Tuesday, March 20, 2012

Blender to UDK: How I do it - Static Meshes

I have finally got a handle on making base-featured models. That is, a model with accurate collision and LOD data. When exporting from blender to UDK, you have a few options for format. I have been using the ASE exporter made by MCampagnini, one of the UDK community members, and up till today it had been going ok. My main issue with it was that the error messages were vague and unpredictable. In a fit of frustration today I decided to switch to the FBX exporter, which ships with blender 2.62. After a few hiccups here and there I found out how it works, and I gotta say I like it. However, it does have some very nearly fatal quirks for the uninitiated. Before I forget what they are, I thought I had better write them down.

Thursday, March 8, 2012

Benchmarking Models

For a while I have been wondering how to find out just how resource-hungry any model is. Obviously the more details in a model the harder it will run the PC, but exactly how much, and what is the hungriest, is somewhat of a grey area for me. I was hoping that perhaps someone had made a program into which you could load a model and it would tell you how much cpu it takes to load, how much ram it requires, etc. Unfortunately it doesn't appear that this exists. This is understandable considering the different needs of engines, the different PC environments and I assume a whole range of other crap. But I still want to have something to benchmark my models against, dammit!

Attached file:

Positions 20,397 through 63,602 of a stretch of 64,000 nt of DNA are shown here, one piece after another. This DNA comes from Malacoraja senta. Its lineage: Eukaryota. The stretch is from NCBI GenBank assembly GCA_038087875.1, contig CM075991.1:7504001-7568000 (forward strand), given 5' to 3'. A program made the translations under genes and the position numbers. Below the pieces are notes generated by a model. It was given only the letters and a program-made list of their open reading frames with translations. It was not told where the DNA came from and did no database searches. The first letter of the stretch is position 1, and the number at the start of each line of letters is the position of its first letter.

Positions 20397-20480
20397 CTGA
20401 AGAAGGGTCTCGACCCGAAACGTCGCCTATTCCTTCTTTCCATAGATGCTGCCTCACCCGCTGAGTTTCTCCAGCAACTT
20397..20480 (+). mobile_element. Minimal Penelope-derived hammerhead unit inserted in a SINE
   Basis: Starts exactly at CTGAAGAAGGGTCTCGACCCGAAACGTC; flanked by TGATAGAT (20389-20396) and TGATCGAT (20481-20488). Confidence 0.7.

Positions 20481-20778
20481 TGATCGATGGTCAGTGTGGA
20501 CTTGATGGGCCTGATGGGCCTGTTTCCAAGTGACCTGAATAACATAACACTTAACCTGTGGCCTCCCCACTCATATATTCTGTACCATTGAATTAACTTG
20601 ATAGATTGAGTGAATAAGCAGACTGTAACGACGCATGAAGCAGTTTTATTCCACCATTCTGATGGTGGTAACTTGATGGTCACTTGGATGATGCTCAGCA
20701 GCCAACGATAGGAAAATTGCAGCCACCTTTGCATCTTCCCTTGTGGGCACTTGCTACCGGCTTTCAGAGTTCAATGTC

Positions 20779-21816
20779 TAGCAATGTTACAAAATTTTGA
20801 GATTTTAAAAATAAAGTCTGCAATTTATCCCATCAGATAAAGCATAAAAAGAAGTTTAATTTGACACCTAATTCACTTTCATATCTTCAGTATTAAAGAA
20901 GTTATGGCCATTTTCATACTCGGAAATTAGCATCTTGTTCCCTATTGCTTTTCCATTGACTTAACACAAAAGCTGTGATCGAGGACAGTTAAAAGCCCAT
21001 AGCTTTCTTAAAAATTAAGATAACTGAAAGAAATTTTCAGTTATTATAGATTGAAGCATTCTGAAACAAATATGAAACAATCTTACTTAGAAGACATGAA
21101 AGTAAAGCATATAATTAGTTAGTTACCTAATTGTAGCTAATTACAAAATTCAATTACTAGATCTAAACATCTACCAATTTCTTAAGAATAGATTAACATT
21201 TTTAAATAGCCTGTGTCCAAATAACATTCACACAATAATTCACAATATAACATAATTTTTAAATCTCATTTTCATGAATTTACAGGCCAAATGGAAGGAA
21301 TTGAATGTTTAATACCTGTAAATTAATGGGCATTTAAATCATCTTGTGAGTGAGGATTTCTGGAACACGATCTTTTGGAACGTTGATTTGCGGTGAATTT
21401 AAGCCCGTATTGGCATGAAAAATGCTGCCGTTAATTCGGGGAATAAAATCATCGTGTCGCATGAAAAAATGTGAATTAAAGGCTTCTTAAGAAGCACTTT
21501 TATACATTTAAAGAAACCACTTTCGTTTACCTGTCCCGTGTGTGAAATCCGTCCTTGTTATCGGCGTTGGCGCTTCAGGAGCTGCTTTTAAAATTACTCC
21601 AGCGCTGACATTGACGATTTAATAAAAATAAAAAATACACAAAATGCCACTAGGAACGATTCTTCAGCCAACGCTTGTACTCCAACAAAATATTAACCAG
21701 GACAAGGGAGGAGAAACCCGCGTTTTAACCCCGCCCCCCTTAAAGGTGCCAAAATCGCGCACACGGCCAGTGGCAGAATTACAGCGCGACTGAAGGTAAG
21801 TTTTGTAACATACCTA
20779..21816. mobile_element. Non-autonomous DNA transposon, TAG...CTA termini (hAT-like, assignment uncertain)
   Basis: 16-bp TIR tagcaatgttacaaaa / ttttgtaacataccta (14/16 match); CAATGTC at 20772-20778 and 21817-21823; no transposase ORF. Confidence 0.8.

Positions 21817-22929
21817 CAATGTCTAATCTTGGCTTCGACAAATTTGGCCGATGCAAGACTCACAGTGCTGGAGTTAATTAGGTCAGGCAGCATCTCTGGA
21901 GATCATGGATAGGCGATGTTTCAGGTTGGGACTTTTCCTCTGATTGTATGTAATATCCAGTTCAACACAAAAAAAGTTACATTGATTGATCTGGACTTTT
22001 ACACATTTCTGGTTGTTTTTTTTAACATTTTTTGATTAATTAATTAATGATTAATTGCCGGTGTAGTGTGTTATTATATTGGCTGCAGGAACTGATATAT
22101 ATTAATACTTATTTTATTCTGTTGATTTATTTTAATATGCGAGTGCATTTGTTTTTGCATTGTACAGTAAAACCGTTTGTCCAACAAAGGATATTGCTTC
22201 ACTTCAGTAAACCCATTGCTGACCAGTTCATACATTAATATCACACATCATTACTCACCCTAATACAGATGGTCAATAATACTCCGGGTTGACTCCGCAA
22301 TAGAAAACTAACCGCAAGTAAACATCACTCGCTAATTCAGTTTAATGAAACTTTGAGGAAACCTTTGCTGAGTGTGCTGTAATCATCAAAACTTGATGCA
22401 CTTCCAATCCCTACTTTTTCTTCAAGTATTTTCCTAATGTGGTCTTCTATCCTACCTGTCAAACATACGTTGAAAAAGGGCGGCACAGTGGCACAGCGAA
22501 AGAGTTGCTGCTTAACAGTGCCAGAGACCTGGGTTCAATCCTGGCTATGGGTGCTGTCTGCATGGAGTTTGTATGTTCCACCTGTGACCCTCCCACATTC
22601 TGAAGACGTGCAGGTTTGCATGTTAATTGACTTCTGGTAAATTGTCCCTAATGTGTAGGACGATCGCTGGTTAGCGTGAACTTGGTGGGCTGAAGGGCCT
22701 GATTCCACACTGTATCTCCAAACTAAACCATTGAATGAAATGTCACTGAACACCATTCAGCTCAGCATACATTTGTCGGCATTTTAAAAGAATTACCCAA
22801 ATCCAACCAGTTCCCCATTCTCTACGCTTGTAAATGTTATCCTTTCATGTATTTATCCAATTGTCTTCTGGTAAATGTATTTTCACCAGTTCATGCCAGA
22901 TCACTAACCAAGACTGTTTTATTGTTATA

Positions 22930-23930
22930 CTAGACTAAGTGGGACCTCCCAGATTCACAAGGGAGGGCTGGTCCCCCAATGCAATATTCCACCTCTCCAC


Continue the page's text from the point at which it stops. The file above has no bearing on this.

Wednesday, March 7, 2012

Australian food culture, or lack thereof

Australia is a young country

A part of that is that we never really had much time to set in a deep rooted culture like the more ancient civilisations have. As a people, we emigrated from European miscellany and tried our best to live in Australia as we had in Europe. This involved things like killing the native animals, people and trees, importing our own food stocks and generally doing our best to destroy the natural harmonious paradise that we had set our enterprising foot on. This approach not only irreparably destroyed much of our newfound utopia, but ensured that all the adventure of moving to a new country, a hitherto unknown landmass, was decidedly negated. So how has this affected our food, the most recognisable tangent of any culture? Do we actually have a food culture, and if so, where did it come from?